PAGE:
Digital Asia – The Host

During the BCM320 – Digital Asia seminar, I participated in live tweeting the screening of ‘The Host‘, a 2006 South Korean monster film directed by Bong Joon-ho. I’ve previously been exposed to the process of live tweeting during the BCM325 – Future Cultures seminars, and I’ve given a detailed account of my live tweeting experience on this blog here.

During the viewing of ‘The Host‘, I was able to determine how my own cultural background affected how I make sense of the film and its context.

I was born in Australia to an Italian father and an Australian mother with European descent. I’ve always experienced western traditions and values while growing up, and I was never exposed to foreign languages other than the native tongue of my Italian grandparents. I was also living in the small, rural town of Orange, so it was difficult to encounter cultures outside of Australian and English speaking European.

It was my love of video games and films that led me to my first cross cultural experiences, this was in the form of titles that originated from non-English speaking backgrounds.

I was introduced to Asian cinema during my early teens while searching YouTube for facts and history about classic films. I came across a content creator known as Horrible Reviews, who was giving a review on the 2003 South Korean neo-noir mystery thriller film ‘Oldboy‘.


Horrible Reviews

Based on this experience and my subsequent research, I felt like I was going into the screening of ‘The Host‘ with a sound understanding of South Korean culture (their cinema tropes in particular). This enthusiasm was met with the realisation that I knew less about South Korean and Asian culture than I thought. This occurred by narrowing in on the process of analysing key cultural differences between myself and the characters in the film to better understand the text. I used the live tweeting experience to do this.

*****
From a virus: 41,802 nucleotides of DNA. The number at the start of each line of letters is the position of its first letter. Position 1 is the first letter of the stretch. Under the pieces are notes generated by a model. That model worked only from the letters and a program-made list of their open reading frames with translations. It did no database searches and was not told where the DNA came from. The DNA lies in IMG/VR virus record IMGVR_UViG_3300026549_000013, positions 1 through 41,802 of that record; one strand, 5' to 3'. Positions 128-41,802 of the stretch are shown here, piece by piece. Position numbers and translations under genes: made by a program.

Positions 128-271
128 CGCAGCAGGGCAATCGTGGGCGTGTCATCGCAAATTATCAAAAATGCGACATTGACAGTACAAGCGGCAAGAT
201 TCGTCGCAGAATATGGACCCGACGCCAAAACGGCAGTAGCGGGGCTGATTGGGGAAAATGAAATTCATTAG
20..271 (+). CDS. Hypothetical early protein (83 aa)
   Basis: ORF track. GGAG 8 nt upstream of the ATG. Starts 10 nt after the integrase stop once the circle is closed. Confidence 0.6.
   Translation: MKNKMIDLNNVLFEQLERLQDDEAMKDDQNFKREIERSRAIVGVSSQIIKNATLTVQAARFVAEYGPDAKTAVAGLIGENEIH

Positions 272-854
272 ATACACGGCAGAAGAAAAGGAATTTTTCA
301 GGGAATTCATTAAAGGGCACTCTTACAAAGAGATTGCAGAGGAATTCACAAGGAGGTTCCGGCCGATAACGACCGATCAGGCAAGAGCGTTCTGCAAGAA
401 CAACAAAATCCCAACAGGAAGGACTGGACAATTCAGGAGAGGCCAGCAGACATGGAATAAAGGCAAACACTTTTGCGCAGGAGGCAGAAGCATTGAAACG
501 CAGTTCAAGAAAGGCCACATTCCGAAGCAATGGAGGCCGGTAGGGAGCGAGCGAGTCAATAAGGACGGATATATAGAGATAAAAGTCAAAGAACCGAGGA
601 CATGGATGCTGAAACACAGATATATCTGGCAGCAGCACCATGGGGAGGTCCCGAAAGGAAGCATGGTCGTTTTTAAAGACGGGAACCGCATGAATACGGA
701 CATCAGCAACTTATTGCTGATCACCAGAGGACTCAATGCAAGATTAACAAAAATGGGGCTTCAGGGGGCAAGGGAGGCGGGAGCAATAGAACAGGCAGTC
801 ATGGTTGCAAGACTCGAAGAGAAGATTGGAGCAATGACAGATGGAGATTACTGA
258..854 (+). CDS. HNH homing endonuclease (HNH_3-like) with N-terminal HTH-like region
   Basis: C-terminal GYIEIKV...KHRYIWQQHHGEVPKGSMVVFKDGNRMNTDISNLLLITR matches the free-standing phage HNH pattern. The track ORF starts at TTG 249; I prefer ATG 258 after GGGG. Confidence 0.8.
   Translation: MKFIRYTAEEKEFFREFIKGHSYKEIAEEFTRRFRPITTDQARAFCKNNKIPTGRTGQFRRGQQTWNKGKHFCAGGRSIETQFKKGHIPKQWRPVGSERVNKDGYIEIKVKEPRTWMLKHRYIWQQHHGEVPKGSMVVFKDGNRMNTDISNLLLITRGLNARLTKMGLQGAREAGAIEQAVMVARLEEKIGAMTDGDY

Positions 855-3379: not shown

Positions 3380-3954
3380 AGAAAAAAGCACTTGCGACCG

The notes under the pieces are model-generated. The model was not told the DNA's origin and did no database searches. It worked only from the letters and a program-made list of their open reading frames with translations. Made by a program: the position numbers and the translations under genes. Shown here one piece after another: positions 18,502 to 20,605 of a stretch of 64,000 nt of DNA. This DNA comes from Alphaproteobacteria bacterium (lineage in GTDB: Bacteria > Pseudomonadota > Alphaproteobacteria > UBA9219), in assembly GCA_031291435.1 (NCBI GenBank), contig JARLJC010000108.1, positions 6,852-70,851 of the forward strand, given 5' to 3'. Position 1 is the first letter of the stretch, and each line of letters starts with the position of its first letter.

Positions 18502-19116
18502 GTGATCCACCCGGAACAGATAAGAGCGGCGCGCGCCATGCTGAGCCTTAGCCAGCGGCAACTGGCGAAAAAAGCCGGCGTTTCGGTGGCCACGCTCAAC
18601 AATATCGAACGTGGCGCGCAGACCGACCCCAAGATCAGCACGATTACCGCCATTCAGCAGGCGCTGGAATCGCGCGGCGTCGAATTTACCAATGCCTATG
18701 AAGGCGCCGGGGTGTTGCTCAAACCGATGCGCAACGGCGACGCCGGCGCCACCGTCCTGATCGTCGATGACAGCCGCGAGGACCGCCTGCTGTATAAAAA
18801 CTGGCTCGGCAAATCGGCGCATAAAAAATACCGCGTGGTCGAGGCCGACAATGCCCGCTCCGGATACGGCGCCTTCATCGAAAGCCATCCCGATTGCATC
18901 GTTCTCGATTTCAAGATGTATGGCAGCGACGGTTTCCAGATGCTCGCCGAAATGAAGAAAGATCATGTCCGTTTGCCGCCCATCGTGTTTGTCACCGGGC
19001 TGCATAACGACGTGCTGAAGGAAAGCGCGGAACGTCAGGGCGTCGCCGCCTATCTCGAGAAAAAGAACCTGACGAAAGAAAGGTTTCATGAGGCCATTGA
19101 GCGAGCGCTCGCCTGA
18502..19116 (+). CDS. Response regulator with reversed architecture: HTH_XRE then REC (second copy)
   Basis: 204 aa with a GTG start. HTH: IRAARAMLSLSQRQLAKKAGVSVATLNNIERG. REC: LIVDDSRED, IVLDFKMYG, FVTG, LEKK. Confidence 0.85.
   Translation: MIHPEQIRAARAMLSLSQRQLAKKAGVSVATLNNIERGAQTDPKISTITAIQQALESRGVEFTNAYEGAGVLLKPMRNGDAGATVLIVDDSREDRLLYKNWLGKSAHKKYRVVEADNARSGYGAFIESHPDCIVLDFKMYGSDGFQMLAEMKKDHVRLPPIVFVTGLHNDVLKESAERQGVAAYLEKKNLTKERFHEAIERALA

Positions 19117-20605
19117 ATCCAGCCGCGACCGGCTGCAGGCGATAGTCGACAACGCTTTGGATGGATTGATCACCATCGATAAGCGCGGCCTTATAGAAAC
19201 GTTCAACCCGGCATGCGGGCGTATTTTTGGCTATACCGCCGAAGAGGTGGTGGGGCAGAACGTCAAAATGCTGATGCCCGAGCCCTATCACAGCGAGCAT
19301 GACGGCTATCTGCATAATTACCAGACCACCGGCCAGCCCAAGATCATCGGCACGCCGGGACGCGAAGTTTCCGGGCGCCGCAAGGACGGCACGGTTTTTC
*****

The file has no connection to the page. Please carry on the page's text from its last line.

I first highlighted the scene where Park Gang-du is explaining to a police officer that his daughter is still alive after being taken by the monster. The police officer does not believe him and labels his claim as delusion caused by the virus he supposedly contracted from the monster. When we later find out that Park Gang-du is right, I noticed that this is a common film trope in western cinema, where a main character ends up being right instead of the authority figures who originally didn’t believe them, which seemingly undermines their authority. I thought it was interesting that they included this cliche in a South Korean film, as I am of the belief that eastern culture holds the viewpoint where authority should never be questioned and has absolute power.

In this tweet,   I again realise that my personal framework is shaping how I make sense of the film. Due to my background and experience, I have a clear association of the letters ‘SEO’ as the acronym for search engine optimisation. This association differs heavily from the characters in the film as ‘Seo’ was featured as a prominent South Korean name.

Finally, I consulted an academic article article to gain a further understanding of the differences between South Korea and the West in relation to ‘The Host’. Hsusan Hsu (2009) uses ‘The Host’ as an example of ‘outbreak narrative’, the genre that blames the results of underdevelopment on its victims and legitimates the scientific interventions of the West (Hsu 2009). After reading the article, I noticed this concept more significantly in the film during scenes that featured characters from the United States. Specifically, the response to the outbreak by the U.S. Government showed a sense of disparity between South Korea and the international interventionists. This is something I never considered before reading Hsu’s article, perhaps this is due to my cultural background compared to that of someone viewing this text from an Eastern perspective.

Reference list:

Hsu, H 2009, ‘The dangers of biosecurity: The Host and the geopolitics of outbreak’, Jump Cut: A Review of Contemporary Media, no. 51.

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